A cold winter night and the faithful trudged to our final class on the Book of Revelations. We were not spooked by the many symbols of this wild and crazy book, one which has created more delirium and historically irrational movements than we care to remember. And we ignored the bizarre rantings of the Televangelists, literalists who lead folks astray and miss the point of the book.Beasts with horns, falling stars, mysterious horsemen—wonderful cartoon characters.We enjoyed them all and asked the question we always need to address when reading scripture: What do all of these mean?
On the last night 666 was conquered by the Lamb (“King of Kings, and lord of Lords.(Rev19:16) who is 777 (perfection)
The message of Revelations is ongoing.
The temptations are great because Babylon lives in us—as does “Egypt”.(Hebrew Scriptures)
We want to be with the “Merchants of the earth” with their cargoes of “silver, jewels and pearls” (Rev. 18: 12)
The Beast often conquers by sweet seductions like this. Remember the warnings to the 7 churches in the first chapter. The whore language (harlot, the Great whore) is often used in the Jewish Bible to depict those who are not steadfast, who succumb to infidelity.
John merely repeats Jesus warning about wealth when he says “Come out of her my people.”(18:4)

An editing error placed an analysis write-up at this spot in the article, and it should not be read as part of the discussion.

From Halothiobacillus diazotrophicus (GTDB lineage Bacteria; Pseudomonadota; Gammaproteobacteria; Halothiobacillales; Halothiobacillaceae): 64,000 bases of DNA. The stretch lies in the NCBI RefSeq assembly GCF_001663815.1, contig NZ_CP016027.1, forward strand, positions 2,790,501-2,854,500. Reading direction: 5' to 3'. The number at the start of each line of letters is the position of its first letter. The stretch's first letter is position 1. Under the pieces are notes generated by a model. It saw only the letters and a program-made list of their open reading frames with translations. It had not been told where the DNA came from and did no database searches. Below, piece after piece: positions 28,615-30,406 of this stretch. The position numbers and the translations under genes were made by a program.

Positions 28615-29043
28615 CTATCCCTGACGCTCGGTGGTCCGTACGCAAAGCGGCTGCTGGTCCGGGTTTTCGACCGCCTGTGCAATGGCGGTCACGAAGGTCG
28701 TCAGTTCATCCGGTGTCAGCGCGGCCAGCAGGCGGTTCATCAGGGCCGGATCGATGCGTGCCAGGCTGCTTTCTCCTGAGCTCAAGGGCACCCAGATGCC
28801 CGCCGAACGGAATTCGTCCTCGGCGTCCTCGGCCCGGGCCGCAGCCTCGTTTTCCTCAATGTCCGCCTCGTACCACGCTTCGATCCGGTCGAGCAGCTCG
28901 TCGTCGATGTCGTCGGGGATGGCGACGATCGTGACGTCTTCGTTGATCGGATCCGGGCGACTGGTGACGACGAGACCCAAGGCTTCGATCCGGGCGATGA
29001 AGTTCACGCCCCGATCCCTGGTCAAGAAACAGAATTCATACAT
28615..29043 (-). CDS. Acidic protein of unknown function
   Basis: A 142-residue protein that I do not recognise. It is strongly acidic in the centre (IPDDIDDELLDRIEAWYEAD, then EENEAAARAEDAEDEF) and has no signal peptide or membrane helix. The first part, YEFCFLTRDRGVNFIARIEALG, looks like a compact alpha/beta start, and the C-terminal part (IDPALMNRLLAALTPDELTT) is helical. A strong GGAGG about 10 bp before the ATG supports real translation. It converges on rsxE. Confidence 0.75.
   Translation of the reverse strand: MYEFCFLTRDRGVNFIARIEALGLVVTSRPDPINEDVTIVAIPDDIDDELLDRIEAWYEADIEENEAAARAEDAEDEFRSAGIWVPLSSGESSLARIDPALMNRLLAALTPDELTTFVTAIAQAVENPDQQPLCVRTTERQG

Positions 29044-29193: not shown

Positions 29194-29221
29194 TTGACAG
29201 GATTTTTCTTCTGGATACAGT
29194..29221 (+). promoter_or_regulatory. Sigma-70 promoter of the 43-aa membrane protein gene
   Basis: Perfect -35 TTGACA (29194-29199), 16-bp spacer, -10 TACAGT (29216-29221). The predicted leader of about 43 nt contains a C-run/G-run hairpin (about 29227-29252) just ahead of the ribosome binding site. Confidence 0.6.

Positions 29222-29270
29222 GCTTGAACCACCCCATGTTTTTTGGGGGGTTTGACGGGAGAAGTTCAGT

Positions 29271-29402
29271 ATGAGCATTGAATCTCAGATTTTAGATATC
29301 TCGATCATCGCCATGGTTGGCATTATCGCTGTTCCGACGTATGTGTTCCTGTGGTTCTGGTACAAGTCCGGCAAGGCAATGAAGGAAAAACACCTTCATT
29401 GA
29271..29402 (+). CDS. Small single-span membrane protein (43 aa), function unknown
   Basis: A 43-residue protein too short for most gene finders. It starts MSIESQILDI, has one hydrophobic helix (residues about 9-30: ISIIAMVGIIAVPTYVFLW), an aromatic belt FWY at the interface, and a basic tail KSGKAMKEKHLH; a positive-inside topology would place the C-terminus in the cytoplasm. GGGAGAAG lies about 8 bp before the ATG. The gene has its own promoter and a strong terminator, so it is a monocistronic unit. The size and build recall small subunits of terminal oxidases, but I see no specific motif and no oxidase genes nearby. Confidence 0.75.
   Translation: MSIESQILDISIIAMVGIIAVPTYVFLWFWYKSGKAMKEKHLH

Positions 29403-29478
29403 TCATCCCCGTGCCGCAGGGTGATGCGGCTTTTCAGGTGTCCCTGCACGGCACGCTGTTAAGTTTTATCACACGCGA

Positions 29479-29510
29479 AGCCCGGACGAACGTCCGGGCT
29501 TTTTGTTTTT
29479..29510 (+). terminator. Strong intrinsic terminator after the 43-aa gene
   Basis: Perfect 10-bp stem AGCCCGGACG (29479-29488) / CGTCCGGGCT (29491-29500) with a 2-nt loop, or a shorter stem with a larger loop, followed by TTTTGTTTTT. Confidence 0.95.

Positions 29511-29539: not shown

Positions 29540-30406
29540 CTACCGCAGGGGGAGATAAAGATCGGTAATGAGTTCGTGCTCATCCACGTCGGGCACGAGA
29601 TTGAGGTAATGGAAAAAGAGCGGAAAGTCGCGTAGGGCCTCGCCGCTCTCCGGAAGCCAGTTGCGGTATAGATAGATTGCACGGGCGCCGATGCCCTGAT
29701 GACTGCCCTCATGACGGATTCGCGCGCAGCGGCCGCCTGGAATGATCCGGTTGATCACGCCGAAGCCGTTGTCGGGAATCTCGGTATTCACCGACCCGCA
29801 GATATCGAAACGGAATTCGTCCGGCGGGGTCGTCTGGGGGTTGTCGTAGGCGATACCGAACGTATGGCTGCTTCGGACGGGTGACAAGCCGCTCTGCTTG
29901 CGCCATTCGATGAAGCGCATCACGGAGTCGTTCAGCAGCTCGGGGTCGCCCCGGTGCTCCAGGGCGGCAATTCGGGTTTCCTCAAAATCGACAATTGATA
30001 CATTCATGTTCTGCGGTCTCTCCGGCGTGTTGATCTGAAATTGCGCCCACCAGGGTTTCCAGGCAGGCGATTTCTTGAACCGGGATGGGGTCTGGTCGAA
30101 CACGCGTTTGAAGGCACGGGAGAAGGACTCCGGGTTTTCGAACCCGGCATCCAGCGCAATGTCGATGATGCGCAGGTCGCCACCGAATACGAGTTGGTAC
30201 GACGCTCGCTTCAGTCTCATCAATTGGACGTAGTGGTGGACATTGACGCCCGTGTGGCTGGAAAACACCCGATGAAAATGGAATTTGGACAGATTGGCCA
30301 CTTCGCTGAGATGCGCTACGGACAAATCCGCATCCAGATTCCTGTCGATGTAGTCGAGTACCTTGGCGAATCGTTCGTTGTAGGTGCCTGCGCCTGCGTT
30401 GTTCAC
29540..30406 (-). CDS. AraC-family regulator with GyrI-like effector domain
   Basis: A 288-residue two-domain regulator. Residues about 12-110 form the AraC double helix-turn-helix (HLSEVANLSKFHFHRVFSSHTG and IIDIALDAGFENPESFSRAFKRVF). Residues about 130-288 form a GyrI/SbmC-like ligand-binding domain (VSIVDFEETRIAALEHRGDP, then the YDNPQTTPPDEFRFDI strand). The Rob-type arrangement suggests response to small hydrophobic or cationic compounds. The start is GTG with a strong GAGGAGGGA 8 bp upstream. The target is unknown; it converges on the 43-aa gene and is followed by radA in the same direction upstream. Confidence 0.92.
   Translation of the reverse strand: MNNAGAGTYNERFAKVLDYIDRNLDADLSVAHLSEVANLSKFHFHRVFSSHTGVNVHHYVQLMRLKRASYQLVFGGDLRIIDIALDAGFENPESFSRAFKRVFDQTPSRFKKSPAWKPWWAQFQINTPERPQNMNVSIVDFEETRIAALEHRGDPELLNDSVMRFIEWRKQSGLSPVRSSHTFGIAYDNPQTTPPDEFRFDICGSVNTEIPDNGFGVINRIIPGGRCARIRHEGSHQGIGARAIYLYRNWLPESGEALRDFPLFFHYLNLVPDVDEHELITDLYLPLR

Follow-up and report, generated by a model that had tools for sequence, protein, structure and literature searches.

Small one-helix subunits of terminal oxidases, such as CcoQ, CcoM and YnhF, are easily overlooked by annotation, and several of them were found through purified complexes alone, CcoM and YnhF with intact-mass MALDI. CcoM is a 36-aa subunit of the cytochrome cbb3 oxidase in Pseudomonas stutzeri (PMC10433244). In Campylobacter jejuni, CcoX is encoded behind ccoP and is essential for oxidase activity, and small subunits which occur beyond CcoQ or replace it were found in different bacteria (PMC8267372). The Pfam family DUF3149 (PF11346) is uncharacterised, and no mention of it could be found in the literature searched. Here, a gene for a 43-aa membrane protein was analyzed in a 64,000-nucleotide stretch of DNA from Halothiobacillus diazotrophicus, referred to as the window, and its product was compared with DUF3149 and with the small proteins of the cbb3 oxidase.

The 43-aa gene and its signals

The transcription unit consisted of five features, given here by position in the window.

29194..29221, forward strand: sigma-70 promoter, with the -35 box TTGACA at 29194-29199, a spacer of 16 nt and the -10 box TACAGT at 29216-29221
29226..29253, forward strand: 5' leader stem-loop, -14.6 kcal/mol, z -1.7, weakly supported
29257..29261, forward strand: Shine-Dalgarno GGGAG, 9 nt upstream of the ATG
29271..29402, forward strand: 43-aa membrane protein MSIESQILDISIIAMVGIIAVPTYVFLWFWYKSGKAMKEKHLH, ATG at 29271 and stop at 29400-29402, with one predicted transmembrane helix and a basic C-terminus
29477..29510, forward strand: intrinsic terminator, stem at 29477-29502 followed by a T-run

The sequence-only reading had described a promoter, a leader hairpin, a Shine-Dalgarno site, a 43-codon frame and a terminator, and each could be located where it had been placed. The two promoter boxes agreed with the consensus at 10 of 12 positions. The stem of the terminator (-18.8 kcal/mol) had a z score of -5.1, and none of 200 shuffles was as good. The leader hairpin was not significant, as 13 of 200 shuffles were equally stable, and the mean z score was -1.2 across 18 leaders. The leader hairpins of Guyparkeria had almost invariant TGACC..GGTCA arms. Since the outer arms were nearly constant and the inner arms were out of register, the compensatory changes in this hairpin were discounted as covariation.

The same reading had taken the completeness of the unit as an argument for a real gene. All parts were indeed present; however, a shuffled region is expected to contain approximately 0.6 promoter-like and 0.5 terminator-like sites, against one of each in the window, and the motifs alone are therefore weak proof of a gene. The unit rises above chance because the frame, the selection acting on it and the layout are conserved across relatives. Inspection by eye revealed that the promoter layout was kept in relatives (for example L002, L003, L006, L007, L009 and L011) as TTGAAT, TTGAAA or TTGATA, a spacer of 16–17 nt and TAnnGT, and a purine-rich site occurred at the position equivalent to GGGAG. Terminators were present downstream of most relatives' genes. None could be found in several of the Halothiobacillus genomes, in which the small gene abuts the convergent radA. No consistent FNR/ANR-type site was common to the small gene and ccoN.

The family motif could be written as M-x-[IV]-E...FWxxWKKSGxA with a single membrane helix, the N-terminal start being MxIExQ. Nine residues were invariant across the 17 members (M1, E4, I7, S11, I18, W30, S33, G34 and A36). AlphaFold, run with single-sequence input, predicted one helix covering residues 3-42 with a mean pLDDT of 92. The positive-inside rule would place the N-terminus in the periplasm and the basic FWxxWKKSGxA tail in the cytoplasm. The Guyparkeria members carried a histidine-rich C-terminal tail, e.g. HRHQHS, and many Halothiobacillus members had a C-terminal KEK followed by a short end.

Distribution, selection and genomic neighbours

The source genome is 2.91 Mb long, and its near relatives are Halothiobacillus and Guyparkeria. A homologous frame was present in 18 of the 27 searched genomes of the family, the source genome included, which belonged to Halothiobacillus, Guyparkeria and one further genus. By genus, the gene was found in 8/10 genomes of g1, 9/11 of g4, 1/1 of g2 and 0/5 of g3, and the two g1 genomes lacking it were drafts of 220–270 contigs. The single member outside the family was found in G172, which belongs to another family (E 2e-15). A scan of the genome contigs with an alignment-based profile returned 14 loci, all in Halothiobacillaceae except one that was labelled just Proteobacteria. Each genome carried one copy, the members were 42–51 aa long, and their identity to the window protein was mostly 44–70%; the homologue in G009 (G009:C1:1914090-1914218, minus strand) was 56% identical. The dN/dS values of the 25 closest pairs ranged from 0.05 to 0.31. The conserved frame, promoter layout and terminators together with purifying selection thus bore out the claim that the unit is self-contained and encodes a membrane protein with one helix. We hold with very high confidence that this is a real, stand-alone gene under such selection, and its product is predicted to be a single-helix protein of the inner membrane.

Babylon is in all of us and we often are more comfortable in the court of Pharaoh than on the Exodus march.
Revelations is a call for resistance, steadfastness and fidelity to the Lamb in times of trouble—as in the first century.
The powerful metaphors still ring true.
“The marriage of the Lamb has come” (19.7).We come to Eucharist to re-member. We still are invited to “the marriage supper of the Lamb.”
One of the New Testament’s most energizing metaphors is “the new heaven and the new earth” a powerful utopian symbol which is always luring us on and which we see when justice pitches its tent among us.
The saints repaired to the Paupers pub and continued in a secular setting to further the wedding feast.
No more worrying about the Second Coming. God as evidenced in Jesus is not violent. A First Coming and the conviction that the incarnation is real and ongoing is enough.
Revelations is never about a world destroyed but an earth transformed. it is about prophetic eschatology and not nihilistic apocalyptic eschatology.